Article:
Cuzco and Not the Best Damn Band in the Land

PachacuteqCuzco, Peru, Monday, Sept. 24, 2018 – We arrived in Cuzco, Peru, today, a city of 500,000 in the Cuzco state of about one million residents. This was once the capital of the Inca Empire of about 12 million people that covered from present-day Ecuador down to about half of Chile.

In the center of the main square now is a statue of Pachacutec, the Inca ruler responsible for binding that empire together from the different groups of people who lived there in the mid-fifteenth century.

Opposite Pachacutec’s statue on the “Plaza de Armas” is, of course, a church, this one built on top of an Inca palace. When we arrived there, the Iglesia de La Compañía de Jesús (built by Jesuits) was celebrating. My devout Catholic wife says one of those statues they were carting around was maybe Saint Francis.

However, on the day we were there, the saint calendar held out many saints, martyrs from the Spanish Civil Wars and numerous other people that could have been celebrated. There was a band, a procession and statues. Pachacutec did not participate.

 

The band above may not be The Best Damn Band in the Land, but I had to keep shooting to see how the sousaphone player was doing. Did not dot the i in Francis.

From there, we went to the Museo Machu Picchu, home to the largest collection of Machu Picchu artifacts in the world. Housed in a colonial home, the Casa Concha, the museum includes the artifacts dug up by Hiram Bingham, generally described as the man who discovered this ancient Inca ruin. Bingham sent what he found there in 1911, 1912 and 1915 back to Yale University with the promise that they would be returned to Peru when the research was done. About 100 years later, they found their way to Peru.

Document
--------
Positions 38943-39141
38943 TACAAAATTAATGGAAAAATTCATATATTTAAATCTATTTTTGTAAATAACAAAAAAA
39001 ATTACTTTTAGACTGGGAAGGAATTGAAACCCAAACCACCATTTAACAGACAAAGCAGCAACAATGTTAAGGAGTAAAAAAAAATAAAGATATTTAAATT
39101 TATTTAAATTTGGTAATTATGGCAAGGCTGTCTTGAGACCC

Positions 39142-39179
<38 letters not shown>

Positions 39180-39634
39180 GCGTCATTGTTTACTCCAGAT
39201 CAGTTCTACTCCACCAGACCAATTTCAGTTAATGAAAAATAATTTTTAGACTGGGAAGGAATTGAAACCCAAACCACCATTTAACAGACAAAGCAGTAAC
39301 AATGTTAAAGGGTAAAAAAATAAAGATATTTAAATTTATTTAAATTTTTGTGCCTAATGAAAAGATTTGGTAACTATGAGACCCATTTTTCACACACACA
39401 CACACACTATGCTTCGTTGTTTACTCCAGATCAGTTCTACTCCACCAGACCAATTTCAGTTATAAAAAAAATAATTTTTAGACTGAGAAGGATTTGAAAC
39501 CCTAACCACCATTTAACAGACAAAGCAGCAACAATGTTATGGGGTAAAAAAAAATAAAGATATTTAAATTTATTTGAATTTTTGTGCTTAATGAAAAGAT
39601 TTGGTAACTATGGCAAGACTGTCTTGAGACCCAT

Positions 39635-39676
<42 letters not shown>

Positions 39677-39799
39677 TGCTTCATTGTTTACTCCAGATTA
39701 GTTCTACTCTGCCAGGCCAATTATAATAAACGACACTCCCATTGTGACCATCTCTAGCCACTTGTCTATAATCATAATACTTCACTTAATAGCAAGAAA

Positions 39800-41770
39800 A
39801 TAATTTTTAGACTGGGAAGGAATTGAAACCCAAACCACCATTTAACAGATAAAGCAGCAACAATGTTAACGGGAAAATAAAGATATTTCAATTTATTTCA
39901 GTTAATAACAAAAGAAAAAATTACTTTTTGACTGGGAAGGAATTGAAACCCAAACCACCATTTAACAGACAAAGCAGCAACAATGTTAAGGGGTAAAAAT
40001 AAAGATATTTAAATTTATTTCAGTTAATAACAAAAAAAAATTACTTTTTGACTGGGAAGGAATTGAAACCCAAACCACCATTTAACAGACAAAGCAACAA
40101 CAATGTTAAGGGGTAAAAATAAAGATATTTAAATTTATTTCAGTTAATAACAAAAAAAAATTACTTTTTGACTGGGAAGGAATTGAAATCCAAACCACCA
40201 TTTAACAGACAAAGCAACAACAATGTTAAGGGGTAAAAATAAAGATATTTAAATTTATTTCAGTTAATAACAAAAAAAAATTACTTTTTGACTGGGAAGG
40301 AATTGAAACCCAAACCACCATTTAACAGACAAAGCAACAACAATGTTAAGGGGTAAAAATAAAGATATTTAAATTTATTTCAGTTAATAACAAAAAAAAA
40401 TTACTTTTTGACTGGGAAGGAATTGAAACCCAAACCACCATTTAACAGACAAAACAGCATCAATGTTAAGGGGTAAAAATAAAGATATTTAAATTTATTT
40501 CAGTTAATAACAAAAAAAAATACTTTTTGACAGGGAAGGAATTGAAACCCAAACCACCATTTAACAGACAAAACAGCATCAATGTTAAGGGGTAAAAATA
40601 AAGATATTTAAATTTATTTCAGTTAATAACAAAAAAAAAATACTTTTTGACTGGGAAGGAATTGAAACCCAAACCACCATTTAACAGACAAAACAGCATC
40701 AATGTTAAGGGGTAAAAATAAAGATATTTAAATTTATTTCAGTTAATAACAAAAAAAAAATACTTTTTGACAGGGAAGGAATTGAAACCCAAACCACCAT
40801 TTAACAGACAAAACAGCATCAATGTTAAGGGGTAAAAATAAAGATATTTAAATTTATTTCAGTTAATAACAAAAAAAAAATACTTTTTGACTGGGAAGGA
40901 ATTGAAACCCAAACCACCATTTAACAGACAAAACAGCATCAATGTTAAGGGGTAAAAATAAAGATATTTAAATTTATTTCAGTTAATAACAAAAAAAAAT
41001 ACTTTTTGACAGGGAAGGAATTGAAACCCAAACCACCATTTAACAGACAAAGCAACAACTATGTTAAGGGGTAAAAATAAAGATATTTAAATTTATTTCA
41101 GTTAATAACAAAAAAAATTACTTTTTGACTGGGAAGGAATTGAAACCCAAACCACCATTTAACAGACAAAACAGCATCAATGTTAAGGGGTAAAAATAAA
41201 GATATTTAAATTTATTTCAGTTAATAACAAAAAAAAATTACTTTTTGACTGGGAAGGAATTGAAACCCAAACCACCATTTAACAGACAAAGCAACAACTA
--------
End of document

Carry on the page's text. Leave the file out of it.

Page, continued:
Yakelin
Yakelin explains Machu Picchu in a model at the Museo Machu Picchu in Cuzco

Our newest Alexander + Roberts guide, Yakelin, explained that Bingham had no archeologists with him and no plan on how to go about the dig.

“He paid the people working for him one sol (Peru currency now worth three to a dollar) for every skeleton they could find,” she said. “so the farmers dug everywhere.”

The 174 skeletons they did find apparently came from important people in the Inca society – no broken bones, little evidence of hard work.

Some of the bodies discovered were probably mummies, important to the Incas. The mummies of rulers were brought out for festivals, had servants and were “sustained by offerings of food and drink,” according to John Hemming’s book, “The Conquest of the Incas.”

The Spaniards burned mummies, used them to lure Incas from the highlands to the new capital at Lima, where the mummies were never found, said Yakelin. The conquerors hoped the mummies could be replaced by images of the Virgin Mary.

Yakelin said that many of the bodies found at Machu Picchu were buried or in caves, opening to the underground world.

Which led to the subject of human sacrifice. Yes, Yakelin said, the Incas did sacrifice humans, mostly children in the worst of times – quakes, eruptions and natural disasters. The children were raised separately, fed only corn and families considered it an honor to have a child sacrificed. None of our group offered up any children.

The unfinished city was ordered to be built by Pachacutec about 100 years before it was abandoned. Five different groups of people were discovered to have lived there, representing the way Pachacutec brought together his empire, gathering knowledge from other districts and then incorporating them.

There was some metal work done at Machu Picchu, but no gold was found there. Was it a religious site without riches? Or, did the Incas take it with them when they abandoned the city in the face of the Spanish conquest?

No need for that as the Spaniards never found Machu Picchu.

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